There are two types of conservatorships:
1. Limited conservatorship: This type of conservatorship is used when the conservatee is unable to take care of their own finances, but is still able to take care of their personal needs, such as eating and dressing.
2. General conservatorship: This type of conservatorship is used when the conservatee is unable to take care of both their finances and their personal needs.
The process of appointing a conservator typically starts with a family member or friend of the conservatee filing a petition with the court. A hearing is then held, at which the conservatee has the opportunity to object to the appointment of a conservator. If the conservatee does not object, or if the court finds that the conservatee is unable to take care of their own affairs, the conservator will be appointed.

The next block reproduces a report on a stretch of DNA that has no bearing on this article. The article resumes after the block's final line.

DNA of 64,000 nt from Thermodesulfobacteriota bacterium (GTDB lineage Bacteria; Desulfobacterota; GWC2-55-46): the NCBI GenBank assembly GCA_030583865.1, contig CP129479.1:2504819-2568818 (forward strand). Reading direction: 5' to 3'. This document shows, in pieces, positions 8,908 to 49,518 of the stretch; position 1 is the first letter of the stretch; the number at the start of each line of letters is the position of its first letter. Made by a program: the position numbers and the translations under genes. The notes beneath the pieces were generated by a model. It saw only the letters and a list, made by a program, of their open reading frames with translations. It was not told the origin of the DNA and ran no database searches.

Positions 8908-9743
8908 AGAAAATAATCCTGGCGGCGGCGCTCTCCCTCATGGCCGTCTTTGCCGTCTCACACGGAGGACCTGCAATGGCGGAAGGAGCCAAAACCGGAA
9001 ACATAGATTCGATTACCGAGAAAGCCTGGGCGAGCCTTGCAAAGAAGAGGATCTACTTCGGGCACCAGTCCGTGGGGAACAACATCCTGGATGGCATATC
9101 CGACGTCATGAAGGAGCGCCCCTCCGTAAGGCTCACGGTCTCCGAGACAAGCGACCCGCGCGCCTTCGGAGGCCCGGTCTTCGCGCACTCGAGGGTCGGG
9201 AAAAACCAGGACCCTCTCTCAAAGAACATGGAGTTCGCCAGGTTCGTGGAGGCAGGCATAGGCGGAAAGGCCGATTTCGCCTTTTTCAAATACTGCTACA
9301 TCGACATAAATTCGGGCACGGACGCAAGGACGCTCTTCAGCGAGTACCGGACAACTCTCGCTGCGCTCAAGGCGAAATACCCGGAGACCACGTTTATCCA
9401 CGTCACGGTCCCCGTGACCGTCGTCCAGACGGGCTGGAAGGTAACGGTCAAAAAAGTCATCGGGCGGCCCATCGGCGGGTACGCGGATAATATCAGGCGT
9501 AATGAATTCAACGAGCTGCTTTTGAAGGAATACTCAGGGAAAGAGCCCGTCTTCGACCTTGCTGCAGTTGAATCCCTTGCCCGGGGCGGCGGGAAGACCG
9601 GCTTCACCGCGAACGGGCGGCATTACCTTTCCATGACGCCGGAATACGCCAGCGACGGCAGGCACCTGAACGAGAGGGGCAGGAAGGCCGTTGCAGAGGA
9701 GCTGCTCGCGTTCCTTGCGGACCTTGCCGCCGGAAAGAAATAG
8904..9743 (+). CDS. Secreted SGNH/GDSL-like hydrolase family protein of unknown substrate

The conservator has a legal responsibility to the conservatee and must act in the best interests of the conservatee. The conservator is required to keep records of all financial transactions made on behalf of the conservatee and must submit a report to the court on a regular basis. The conservator can be removed from their position by the court if they are not fulfilling their duties, or if the conservatee no longer needs a conservator.
4. Duties of a Conservator
A conservator is a legal guardian appointed by a court to manage the financial affairs and/or daily life of another person, known as the conservatee. The conservator has a fiduciary relationship with the conservatee, meaning that the conservator must always act in the best interests of the conservatee.
There are four primary duties of a conservator:
1. to manage the conservatee’s finances;